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  11. Roger465

    Roger465

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    Wow - having now read up on it, I get it. Quite hard to believe otherwise :eek:

    I reckon that's exactly what's happening here... all I've got to do now is figure out how to stop it giving me a cold neck :mad:
     
  12. Roger465

    Roger465

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    Thanks, I'll investigate...
     
  13. Roger465

    Roger465

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    Well, interesting stuff about the convection issue. However… what I’ve just realised is that I get cold mostly when there's wind outside, which really should have been telling me something.

    Right now, after a windy day, when I felt a litle chilly in here, it’s now dead calm outside, and I’ve had to turn the heat down 2 degrees. Earlier, there seemed to be a faint draft around the edge of the window frame – ie between the mahogany frame and the wall. So I’m going to have to think about that. Maybe it's air moving in the cavity, as somebody said.

    Trouble is, thinking about things like sealant/secondary glazing etc, the problem is that this entire room is papered with embossed wallpaper, which goes right into the window recess, right up to the frame, and I don't want to do anything to damage it, or stick anything to it etc, as I might risk having to re-paper the entire room or something… and no, of course you can't get it any more...
     
  14. Roger465

    Roger465

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    OK, further development... oddly, up to now I've never noticed the little ventilator at the top of the frame, and cold air is pouring through it, and down towards me!

    Needless to say, it's shut - but I guess the 20-year-old seals have perished. I can also detect some icy air seeping through round the edges of the windows which can be opened (though much less than through the ventilator).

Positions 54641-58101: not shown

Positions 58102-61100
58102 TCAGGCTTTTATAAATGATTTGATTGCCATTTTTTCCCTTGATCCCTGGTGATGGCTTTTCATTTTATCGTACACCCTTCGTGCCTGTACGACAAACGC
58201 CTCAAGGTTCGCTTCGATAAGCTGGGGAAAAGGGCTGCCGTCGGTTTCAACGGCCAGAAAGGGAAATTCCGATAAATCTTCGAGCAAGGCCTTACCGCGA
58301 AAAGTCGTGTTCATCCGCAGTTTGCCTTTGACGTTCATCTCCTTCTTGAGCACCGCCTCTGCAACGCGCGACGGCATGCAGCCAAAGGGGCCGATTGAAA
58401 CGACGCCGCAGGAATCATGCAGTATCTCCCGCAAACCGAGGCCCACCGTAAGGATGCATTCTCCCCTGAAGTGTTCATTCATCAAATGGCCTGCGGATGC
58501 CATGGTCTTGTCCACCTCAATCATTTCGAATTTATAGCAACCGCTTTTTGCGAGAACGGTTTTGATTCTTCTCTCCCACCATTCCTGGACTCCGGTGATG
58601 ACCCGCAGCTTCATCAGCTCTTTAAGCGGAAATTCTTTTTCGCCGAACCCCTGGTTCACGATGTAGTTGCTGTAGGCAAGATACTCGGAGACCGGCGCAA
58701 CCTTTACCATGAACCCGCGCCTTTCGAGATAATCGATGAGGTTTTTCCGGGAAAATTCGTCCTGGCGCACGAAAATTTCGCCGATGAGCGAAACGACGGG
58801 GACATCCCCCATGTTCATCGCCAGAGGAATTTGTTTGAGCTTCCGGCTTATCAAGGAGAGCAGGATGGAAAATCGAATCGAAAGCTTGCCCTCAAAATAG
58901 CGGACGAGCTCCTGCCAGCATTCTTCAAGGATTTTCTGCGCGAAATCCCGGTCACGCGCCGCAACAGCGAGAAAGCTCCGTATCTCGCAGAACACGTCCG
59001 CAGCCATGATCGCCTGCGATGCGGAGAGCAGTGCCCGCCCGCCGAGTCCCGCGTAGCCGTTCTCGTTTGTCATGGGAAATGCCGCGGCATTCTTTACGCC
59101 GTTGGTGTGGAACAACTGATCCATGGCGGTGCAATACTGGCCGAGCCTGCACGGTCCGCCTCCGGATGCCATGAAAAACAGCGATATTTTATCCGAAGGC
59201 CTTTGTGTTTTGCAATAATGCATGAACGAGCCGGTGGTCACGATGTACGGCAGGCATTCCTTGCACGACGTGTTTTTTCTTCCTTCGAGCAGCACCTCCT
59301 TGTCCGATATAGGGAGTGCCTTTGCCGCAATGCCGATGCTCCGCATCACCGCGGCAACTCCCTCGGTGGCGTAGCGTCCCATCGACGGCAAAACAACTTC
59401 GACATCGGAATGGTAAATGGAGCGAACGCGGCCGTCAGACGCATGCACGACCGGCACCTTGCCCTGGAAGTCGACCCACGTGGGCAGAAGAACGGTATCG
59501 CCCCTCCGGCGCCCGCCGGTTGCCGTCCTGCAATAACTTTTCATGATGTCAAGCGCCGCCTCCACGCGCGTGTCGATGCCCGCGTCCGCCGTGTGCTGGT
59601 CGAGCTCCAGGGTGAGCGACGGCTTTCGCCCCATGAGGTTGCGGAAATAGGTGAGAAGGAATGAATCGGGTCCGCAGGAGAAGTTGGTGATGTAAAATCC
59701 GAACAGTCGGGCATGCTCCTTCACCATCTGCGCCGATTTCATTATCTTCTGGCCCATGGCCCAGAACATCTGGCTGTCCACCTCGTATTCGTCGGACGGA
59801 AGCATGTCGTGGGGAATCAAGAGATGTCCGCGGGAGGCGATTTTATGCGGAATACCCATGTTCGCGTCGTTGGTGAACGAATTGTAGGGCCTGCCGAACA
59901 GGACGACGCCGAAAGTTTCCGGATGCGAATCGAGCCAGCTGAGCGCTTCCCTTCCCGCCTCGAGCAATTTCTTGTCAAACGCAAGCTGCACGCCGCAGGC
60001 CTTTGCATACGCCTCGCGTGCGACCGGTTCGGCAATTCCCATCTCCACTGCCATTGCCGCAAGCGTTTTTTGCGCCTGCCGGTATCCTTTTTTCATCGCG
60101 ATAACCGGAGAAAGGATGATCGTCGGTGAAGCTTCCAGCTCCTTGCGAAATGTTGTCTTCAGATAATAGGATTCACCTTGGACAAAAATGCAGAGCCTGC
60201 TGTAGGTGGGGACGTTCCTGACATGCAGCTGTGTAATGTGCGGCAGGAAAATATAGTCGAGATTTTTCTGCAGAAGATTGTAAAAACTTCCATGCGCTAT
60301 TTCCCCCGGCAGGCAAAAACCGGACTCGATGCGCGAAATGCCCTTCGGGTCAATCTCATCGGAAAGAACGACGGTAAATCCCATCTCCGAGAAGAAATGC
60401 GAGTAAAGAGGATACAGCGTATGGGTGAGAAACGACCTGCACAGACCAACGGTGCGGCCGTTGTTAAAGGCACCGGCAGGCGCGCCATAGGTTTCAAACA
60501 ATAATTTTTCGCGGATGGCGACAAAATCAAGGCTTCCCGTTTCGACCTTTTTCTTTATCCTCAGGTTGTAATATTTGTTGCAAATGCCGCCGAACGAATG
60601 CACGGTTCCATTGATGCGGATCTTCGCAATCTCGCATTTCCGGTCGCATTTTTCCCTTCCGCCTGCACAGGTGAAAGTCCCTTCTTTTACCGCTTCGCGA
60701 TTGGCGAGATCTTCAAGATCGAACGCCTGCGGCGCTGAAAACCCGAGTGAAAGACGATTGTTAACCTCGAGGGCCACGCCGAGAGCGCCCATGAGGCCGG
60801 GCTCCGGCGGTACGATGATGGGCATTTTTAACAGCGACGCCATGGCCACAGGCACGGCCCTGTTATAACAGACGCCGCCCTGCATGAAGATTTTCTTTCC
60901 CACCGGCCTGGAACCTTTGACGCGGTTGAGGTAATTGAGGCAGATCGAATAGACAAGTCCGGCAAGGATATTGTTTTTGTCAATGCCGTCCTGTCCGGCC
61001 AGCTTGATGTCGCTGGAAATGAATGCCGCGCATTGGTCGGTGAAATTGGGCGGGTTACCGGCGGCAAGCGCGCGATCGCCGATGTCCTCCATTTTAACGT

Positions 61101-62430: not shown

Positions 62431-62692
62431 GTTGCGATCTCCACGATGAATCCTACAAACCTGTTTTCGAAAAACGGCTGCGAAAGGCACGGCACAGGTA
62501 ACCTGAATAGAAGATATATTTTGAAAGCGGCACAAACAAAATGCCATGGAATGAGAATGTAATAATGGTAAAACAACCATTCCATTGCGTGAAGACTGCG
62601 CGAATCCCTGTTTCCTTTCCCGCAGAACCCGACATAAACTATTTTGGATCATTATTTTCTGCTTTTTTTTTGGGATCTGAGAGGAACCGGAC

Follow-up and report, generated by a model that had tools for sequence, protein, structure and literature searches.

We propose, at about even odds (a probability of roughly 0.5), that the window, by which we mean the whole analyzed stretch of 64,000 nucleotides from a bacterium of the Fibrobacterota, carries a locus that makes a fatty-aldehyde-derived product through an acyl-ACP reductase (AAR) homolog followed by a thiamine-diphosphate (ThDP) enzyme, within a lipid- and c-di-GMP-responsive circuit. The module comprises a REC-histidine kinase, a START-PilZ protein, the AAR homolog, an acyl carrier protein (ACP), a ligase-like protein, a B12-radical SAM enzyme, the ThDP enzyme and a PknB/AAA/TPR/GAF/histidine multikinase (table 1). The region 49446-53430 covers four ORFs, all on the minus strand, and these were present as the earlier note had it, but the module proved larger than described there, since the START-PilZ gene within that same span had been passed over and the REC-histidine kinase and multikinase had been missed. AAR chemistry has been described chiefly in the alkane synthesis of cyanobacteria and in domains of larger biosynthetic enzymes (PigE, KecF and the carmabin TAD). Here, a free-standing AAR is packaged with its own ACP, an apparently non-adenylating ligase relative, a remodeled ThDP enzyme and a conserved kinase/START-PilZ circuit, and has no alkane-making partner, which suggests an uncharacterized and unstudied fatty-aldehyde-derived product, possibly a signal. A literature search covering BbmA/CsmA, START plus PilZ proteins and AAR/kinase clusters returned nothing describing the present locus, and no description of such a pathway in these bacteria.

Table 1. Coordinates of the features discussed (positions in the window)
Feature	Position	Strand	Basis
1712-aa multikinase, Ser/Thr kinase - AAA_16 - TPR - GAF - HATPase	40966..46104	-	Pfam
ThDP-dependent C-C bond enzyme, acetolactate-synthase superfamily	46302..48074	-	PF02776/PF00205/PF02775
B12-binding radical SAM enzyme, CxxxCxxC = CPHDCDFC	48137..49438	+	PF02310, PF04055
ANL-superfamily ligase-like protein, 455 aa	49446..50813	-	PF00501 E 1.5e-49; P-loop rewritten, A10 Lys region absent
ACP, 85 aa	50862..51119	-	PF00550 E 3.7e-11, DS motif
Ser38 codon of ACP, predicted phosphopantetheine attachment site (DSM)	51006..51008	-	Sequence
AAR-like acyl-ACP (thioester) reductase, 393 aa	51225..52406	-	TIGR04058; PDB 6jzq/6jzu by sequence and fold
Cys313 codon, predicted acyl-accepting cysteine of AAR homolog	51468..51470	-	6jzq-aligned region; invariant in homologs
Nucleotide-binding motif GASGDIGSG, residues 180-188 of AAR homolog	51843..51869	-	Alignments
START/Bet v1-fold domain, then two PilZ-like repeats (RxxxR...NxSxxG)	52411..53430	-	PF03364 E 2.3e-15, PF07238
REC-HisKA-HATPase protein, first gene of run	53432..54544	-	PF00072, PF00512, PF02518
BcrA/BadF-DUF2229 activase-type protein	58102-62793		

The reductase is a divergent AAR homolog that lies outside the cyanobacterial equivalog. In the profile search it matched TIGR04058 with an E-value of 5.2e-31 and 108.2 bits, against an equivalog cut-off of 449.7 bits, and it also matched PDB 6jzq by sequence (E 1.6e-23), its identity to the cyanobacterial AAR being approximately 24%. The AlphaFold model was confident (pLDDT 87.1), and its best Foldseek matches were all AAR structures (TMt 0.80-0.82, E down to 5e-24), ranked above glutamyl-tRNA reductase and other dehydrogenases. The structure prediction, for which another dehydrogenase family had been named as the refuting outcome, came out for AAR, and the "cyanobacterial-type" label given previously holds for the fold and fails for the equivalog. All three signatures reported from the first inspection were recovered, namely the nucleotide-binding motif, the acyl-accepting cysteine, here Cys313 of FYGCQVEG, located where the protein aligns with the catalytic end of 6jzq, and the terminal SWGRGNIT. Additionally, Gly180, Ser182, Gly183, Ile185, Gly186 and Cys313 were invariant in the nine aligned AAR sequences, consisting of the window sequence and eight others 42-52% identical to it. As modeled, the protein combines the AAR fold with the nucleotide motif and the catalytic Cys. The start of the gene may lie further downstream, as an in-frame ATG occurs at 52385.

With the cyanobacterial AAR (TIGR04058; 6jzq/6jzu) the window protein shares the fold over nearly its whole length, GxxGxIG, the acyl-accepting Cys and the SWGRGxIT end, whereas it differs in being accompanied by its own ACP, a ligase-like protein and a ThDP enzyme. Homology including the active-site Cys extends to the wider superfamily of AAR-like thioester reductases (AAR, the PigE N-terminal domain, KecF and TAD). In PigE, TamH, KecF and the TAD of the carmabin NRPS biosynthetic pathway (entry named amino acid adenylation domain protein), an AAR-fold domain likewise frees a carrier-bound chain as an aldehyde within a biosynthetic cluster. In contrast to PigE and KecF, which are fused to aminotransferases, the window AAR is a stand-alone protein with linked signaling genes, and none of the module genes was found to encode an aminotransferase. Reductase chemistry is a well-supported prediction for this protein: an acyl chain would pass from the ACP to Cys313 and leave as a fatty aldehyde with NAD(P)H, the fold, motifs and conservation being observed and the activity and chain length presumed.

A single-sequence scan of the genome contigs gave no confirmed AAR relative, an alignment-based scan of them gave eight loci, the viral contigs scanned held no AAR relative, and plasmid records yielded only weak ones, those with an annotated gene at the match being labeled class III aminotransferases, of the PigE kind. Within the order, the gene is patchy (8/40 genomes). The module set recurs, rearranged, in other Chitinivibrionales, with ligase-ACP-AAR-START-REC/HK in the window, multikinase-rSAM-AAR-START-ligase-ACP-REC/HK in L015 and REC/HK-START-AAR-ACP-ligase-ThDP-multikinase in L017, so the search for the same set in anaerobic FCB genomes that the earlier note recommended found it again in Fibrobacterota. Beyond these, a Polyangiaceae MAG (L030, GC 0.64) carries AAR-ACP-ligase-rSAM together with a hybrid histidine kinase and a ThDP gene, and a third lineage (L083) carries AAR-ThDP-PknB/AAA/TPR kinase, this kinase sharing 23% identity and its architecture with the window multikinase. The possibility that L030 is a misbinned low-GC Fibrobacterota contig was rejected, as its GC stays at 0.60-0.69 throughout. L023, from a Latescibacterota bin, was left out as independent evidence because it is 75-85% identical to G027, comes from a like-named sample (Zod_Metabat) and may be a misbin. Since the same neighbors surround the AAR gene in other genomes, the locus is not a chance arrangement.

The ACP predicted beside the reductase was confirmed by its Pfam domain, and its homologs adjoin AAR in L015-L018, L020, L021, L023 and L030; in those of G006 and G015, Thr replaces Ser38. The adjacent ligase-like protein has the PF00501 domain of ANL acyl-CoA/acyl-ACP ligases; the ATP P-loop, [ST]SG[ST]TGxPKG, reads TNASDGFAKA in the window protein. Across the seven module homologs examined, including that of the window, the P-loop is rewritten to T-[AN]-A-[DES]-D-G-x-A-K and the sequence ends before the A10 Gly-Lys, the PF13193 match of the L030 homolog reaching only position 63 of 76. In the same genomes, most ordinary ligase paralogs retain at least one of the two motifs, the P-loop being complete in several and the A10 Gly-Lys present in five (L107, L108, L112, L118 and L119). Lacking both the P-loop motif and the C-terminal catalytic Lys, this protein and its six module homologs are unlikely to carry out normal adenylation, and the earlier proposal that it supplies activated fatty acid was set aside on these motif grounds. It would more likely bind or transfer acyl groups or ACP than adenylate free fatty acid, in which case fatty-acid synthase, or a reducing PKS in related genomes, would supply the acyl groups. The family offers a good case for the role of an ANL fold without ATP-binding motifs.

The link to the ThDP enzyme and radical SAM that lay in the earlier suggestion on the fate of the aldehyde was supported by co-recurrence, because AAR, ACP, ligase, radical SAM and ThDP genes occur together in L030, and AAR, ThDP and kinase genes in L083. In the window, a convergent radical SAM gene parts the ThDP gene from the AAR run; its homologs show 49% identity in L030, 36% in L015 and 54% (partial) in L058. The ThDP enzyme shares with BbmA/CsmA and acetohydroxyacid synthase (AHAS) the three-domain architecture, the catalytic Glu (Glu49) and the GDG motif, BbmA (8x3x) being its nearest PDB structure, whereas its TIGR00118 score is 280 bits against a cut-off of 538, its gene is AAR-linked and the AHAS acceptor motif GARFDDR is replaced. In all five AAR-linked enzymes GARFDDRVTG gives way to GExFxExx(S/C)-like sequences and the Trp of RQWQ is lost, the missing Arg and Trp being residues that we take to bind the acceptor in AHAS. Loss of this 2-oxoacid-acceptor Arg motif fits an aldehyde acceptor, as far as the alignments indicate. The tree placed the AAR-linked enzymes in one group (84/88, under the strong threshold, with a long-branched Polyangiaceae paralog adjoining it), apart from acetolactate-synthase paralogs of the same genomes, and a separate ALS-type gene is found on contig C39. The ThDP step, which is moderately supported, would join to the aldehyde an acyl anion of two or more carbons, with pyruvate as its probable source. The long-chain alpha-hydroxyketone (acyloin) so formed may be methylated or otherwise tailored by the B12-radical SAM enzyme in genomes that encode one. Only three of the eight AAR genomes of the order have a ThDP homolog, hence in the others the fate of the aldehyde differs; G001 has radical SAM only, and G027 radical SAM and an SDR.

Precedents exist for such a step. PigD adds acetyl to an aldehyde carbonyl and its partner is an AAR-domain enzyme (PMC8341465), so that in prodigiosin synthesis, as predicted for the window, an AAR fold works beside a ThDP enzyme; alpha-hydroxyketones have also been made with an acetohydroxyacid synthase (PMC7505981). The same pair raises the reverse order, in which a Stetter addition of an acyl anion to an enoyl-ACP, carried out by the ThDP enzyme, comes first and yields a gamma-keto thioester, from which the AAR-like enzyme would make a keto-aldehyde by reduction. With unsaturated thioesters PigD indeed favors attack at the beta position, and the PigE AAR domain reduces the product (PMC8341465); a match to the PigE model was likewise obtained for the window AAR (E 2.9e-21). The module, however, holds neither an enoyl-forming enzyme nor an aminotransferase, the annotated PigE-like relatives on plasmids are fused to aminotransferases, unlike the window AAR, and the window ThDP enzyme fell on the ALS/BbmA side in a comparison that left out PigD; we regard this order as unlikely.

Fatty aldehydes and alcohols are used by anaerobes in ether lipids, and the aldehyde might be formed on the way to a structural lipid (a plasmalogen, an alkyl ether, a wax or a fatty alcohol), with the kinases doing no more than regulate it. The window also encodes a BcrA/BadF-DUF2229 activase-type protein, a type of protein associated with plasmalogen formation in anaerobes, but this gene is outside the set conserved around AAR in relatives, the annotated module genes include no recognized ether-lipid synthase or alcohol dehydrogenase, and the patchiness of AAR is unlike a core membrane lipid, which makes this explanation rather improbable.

Now, I simply cannot afford to have my DG replaced - and the basic structure of the mahogany frames seems to be in good nick.

    Can the seals/ventilators etc be replaced...?
     
  15. Gazman16

    Gazman16

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    If the windows have friction hinges (you may need to google a photo) they can ware and stop pulling in tight on the hinge side. So if there are drafts on the opposite side to the handles that could be your problem. 8 times out of 10 if they are not too far gone giving them a good clean and lube will sort the problem.
    There will be a triangular shaped part of the hinge opposite the handle side, Get a good bit of Vaseline in there and open/close the window about 10 times. If that doesn't solve it you may need new hinges.

    For the trickle vent they all leak air, Personally I would block them up (although technically they are needed for clean air, But you can open a window occasionally for that)
     
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  16. JP_

    JP_

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    Is there space to put a radiator near that window? The air movement felt is probably just convection movement in the room, having another radiator might help reduce that movement by keeping the window area warmer.
     
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  17. Roger465

    Roger465

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    I think the draft is on the handle side, rather than hinge...

    I often see Vaseline mentioned on this forum… is there any reason for using it rather than, say, lithium grease, which I have a large tin of?

    Oh, I think I have enough drafts in here to keep the air clean! Perhaps time for the silicone treatment…

    No, I can actually feel where the air is coming through. And I have a radiator there already, as it happens ;)

    20191216_093030.jpg